By Briana Briscoe
For The Diamondback

Members of Greek life discussed campus-wide sexism Thursday, while also addressing gender identity and its roles at the University of Maryland.

More than 60 students, primarily members of Greek life, met to share their views on stereotypes typically associated with men and women. More specifically, the attendees discussed society's gender norms and how they play a role on this campus.

The Multicultural Greek Council and the National Pan-Hellenic Council, Shades of Pink and Blue, in Marie Mount Hall, and was aimed to facilitate a constructive discussion about gendered labels, as well as provide a forum for students to express their feelings about sexism with their own fraternities and sororities.

"It is an issue [in] every community," said junior Shayne Zaplitny, a kinesiology major. "I think the more educated people are, the more they can do to change the social norm, and fight against sexism."

Some fraternity members also expressed an underlying fear of being deemed feminine when they should embrace brotherhood. Sorority members also discussed the term "aggressive" and how the word actually empowers them.

"Greek life is a microcosm of society, and I think inevitably microcosms create [lots of] pressure on how things play out," said Nathan Bunch, an adviser for MGC and NPHC. "I think it's important for any student group, especially in sororities and fraternities, that are gender identified to talk about these issues."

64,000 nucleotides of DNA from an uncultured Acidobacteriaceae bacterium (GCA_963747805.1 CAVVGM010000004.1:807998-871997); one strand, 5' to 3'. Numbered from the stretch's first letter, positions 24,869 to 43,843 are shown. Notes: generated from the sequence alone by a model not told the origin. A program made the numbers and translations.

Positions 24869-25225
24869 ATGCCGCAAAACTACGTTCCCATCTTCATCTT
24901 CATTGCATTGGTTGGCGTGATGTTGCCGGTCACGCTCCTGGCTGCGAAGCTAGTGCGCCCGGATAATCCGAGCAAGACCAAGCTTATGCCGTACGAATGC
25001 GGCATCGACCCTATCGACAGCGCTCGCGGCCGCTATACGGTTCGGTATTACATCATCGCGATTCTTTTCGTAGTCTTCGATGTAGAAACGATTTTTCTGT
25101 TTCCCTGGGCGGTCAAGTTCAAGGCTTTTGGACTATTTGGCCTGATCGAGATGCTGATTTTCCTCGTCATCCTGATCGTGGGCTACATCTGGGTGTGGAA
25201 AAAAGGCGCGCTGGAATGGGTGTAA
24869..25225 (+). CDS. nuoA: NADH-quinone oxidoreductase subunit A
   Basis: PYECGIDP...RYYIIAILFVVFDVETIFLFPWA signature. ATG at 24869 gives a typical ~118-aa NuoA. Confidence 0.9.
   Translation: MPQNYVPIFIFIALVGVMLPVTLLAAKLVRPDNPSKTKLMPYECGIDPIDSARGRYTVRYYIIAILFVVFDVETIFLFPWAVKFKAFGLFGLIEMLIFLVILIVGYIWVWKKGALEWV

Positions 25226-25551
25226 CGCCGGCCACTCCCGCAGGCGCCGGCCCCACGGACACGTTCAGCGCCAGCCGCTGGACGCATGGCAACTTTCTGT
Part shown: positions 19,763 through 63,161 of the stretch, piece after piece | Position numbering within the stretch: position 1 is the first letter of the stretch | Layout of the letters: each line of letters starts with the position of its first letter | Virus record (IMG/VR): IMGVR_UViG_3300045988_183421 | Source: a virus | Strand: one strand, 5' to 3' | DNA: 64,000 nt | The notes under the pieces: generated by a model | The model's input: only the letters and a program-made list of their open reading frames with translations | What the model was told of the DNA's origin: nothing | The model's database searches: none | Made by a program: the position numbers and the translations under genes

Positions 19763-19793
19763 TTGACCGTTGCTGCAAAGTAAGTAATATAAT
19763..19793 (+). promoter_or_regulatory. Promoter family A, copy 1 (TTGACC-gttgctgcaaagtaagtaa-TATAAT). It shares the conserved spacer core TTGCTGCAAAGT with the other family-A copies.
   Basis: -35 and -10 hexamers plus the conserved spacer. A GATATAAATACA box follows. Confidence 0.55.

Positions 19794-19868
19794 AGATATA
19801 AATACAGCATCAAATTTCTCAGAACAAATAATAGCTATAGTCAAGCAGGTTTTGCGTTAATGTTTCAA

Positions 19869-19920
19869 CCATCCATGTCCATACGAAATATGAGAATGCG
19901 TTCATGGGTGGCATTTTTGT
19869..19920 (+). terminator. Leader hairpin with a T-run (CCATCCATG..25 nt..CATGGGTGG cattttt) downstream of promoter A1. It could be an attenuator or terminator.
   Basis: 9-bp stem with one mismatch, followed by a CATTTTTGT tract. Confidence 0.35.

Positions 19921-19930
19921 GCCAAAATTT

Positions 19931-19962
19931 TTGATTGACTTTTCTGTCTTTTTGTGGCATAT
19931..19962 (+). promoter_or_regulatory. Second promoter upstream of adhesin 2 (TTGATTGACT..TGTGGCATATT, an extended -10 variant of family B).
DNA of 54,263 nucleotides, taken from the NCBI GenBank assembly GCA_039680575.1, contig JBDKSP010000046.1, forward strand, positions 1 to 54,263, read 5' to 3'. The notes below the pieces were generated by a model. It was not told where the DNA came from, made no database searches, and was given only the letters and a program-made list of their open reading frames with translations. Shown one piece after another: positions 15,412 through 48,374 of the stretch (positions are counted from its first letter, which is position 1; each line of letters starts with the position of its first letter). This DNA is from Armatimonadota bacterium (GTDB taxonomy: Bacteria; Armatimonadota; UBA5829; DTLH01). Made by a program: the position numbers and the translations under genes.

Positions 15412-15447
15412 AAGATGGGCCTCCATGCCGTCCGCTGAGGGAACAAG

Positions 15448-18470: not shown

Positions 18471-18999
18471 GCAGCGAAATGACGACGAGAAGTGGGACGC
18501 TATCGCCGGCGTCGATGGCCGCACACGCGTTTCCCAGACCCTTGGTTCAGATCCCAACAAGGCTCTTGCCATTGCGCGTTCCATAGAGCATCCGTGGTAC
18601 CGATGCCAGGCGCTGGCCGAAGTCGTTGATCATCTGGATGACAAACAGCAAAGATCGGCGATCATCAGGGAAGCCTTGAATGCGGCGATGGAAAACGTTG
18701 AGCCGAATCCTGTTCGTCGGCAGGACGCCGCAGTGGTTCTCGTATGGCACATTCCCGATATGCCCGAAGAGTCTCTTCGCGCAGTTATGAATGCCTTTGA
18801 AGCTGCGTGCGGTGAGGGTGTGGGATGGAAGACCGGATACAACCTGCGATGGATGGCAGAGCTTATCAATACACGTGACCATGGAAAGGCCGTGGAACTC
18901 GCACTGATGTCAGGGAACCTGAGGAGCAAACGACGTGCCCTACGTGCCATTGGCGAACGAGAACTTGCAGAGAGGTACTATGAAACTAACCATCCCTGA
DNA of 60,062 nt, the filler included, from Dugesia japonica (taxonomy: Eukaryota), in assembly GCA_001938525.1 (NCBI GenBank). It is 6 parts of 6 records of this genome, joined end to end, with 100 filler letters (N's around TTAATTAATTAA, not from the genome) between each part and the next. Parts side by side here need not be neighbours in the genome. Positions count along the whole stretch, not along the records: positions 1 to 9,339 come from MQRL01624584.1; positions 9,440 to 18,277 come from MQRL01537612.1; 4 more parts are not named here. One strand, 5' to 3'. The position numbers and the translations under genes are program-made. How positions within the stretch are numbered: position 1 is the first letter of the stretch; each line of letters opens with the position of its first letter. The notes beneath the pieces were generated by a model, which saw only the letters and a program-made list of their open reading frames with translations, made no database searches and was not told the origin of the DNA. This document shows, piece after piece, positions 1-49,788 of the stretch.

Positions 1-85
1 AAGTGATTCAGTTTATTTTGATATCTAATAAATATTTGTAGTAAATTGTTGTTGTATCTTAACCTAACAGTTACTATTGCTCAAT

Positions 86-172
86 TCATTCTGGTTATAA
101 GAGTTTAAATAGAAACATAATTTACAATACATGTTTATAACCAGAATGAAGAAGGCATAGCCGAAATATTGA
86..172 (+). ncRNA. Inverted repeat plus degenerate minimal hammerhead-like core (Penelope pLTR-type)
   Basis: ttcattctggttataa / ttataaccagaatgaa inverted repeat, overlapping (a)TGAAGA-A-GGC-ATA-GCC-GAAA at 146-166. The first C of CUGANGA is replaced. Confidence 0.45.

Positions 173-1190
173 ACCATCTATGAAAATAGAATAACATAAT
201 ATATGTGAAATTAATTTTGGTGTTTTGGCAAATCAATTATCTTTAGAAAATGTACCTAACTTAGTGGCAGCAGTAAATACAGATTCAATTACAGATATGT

Students were also shown a video regarding the media's and society's role in dictating gender stereotypes. Afterward, students discussed taking further action to combat sexism on this campus.

"It brings awareness to campus and makes people a little bit more aware about what the problems are," said senior Britney Sagastizado, a communication major and MGC president. "I think a lot of sexism is ingrained in society to the point where people don't realize they're sexist actions."

Throughout the event, students also had the opportunity to share their own experiences with sexism. Junior Bibiana Valdes said she encounters gender stereotypes in her classes, which are predominantly male.

"I've experienced [sexism] even in group projects where guys usually make me be the secretary," Valdes, an electrical engineering major said. "My classes are [between] sixty [and] seventy people and then there are [about] four or five girls in all of my classes … it's very difficult going to your professors because most professors are male."

However, discussions like this, Sagastizado said, bring awareness to this campus-wide issue.

"This is where it starts, the education portion is where you actually begin to become aware of what the issues are because I feel there are so many issues in society that people don't realize are actually problems because they are not actually aware of that information."